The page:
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Indian Journal of Pathology and Microbiology
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LETTER TO EDITOR  
Year : 2021  |  Volume : 64  |  Issue : 2  |  Page : 423-424
Histopathological analysis of a rare presentation of glial choristoma of chin


Department of Oral Pathology, Maulana Azad Institute of Dental Sciences, Bahadur Shah Zafar Marg, Delhi, India

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Date of Submission16-Jan-2020
Date of Decision15-Feb-2020
Date of Acceptance14-Aug-2020
Date of Web Publication9-Apr-2021
 

How to cite this article:
Urs AB, Kumar P, Bharti A, Malhotra R. Histopathological analysis of a rare presentation of glial choristoma of chin. Indian J Pathol Microbiol 2021;64:423-4

How to cite this URL:
Urs AB, Kumar P, Bharti A, Malhotra R. Histopathological analysis of a rare presentation of glial choristoma of chin. Indian J Pathol Microbiol [serial online] 2021 [cited 2021 May 16];64:423-4. Available from: https://www.ijpmonline.org/text.asp?2021/64/2/423/313268




Dear Editor,

A 35-year-old female patient presented with the chief complaint of swelling on her chin, since two months. Patient gave history of mild, intermittent pain with no past history of trauma. The swelling was not apparent on inspection. However, on palpation, a firm, mildly tender nodular growth of size approximately 1 × 1 cm was noted. Intraoral findings were not significant. The clinical differential diagnosis included subepidermal cyst, neurofibroma, fibroma, lipoma, or any other benign soft tissue lesion. Fine-needle aspiration cytology suggested a spindle cell lesion, possibly of neurogenic origin.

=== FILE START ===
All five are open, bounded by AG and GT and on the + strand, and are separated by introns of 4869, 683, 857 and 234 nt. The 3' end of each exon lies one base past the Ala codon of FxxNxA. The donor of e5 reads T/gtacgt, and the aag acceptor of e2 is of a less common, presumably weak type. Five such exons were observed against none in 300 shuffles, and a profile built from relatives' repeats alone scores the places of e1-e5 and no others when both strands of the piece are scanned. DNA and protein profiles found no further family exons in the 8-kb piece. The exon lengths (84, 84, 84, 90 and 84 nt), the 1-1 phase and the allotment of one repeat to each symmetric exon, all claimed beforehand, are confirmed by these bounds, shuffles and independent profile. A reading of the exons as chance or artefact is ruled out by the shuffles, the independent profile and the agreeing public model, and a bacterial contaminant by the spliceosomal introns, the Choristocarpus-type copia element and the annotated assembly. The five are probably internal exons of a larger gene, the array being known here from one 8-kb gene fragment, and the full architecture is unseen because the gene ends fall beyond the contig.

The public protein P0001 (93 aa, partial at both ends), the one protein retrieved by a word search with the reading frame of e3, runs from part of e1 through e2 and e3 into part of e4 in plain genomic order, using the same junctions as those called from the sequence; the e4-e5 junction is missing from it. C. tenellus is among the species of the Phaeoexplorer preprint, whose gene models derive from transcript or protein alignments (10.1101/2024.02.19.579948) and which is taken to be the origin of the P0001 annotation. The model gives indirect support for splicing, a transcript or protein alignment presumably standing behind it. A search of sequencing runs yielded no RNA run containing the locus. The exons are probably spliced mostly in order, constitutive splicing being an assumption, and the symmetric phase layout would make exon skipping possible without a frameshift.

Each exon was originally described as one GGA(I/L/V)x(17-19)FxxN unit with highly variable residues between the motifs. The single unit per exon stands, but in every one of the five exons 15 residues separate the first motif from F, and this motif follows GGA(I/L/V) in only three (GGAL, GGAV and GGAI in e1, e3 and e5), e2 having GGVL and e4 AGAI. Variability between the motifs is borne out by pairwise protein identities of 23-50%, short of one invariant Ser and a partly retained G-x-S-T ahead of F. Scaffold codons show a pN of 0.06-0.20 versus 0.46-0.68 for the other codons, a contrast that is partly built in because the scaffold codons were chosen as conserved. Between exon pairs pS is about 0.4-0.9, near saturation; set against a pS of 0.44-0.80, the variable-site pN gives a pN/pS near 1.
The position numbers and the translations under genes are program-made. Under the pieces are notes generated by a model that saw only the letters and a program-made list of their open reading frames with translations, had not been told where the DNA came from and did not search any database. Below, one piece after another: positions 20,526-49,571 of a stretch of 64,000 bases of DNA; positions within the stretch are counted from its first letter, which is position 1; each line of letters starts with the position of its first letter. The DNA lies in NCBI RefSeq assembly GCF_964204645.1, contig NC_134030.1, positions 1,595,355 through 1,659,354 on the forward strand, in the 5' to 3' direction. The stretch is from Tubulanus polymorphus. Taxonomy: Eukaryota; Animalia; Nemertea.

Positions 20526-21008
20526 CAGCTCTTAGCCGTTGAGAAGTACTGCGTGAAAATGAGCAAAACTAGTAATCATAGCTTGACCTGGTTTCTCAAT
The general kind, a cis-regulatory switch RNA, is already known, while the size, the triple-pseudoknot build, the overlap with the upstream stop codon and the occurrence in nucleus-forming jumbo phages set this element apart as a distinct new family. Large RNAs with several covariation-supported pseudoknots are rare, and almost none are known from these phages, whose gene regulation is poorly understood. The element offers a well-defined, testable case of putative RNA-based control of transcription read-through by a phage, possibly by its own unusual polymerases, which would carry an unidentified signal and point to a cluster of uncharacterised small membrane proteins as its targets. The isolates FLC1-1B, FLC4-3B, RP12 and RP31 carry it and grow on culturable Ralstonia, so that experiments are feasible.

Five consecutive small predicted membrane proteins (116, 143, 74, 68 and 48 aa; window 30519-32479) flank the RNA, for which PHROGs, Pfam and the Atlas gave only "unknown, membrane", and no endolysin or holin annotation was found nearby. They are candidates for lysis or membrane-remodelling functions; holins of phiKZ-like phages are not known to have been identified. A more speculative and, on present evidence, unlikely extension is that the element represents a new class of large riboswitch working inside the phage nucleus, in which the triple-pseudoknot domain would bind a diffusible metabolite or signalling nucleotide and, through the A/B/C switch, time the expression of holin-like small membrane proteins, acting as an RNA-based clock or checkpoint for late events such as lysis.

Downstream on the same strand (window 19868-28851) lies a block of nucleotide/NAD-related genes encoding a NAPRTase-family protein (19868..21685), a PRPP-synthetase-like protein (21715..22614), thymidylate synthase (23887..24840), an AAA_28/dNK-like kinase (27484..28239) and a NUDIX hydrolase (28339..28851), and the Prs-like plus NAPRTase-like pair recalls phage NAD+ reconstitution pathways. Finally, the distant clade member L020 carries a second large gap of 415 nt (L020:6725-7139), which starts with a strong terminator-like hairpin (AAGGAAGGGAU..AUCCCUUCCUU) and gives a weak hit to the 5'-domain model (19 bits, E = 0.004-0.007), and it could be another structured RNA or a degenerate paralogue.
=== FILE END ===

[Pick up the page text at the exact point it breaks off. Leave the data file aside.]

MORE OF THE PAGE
The excised mass showed varying morphology on Hand E stained tissue microscopically as shown in [Figure 1]. Some areas were hypercellular with numerous spindle-shaped cells having wavy nuclei and ovoid cells having hyperchromatic, vesicular nuclei. Other areas showed moderately collagenous tissue with haphazardly arranged collagen fiber bundles along with homogenization at some places and intervening eosinophilic homogenous material. Diffuse mild lymphocytic infiltration was seen along with abundant adipocytes, skeletal muscle fibers, and neurovascular bundles. Necrosis, mitosis, or cellular atypia were not noted. The routine H and E stained sections of the tissue suggested that the lesion had neural origin which was confirmed by immunohistochemistry. GFAP, NSE, S-100, Vimentin, and Pan-CK markers were applied. GFAP showed strong, diffuse positivity in all the lesional cells confirming that the lesional cells were astrocytes. S-100, NSE, and Pan-CK expression was negative. Vimentin showed only mild focal positivity in the fibrocollagenous tissue. Based on the histomorphological and immunohistochemical findings, a diagnosis of Glial Choristoma was given. Patient is healthy with no recurrence seen after six months follow up.
Figure 1: (a) Hypercellular and hypocellular areas- [H&E × 40] (b) eosinophilic fibrillar background representing fibrillar acidic protein-[H&E ×100] (c) hypercellular areas with round to oval cells exhibiting hyperchromatic nuclei and some cells exhibiting wavy nuclei- [H&E ×100] (d) strong immunoexpression for GFAP- [H&E ×100]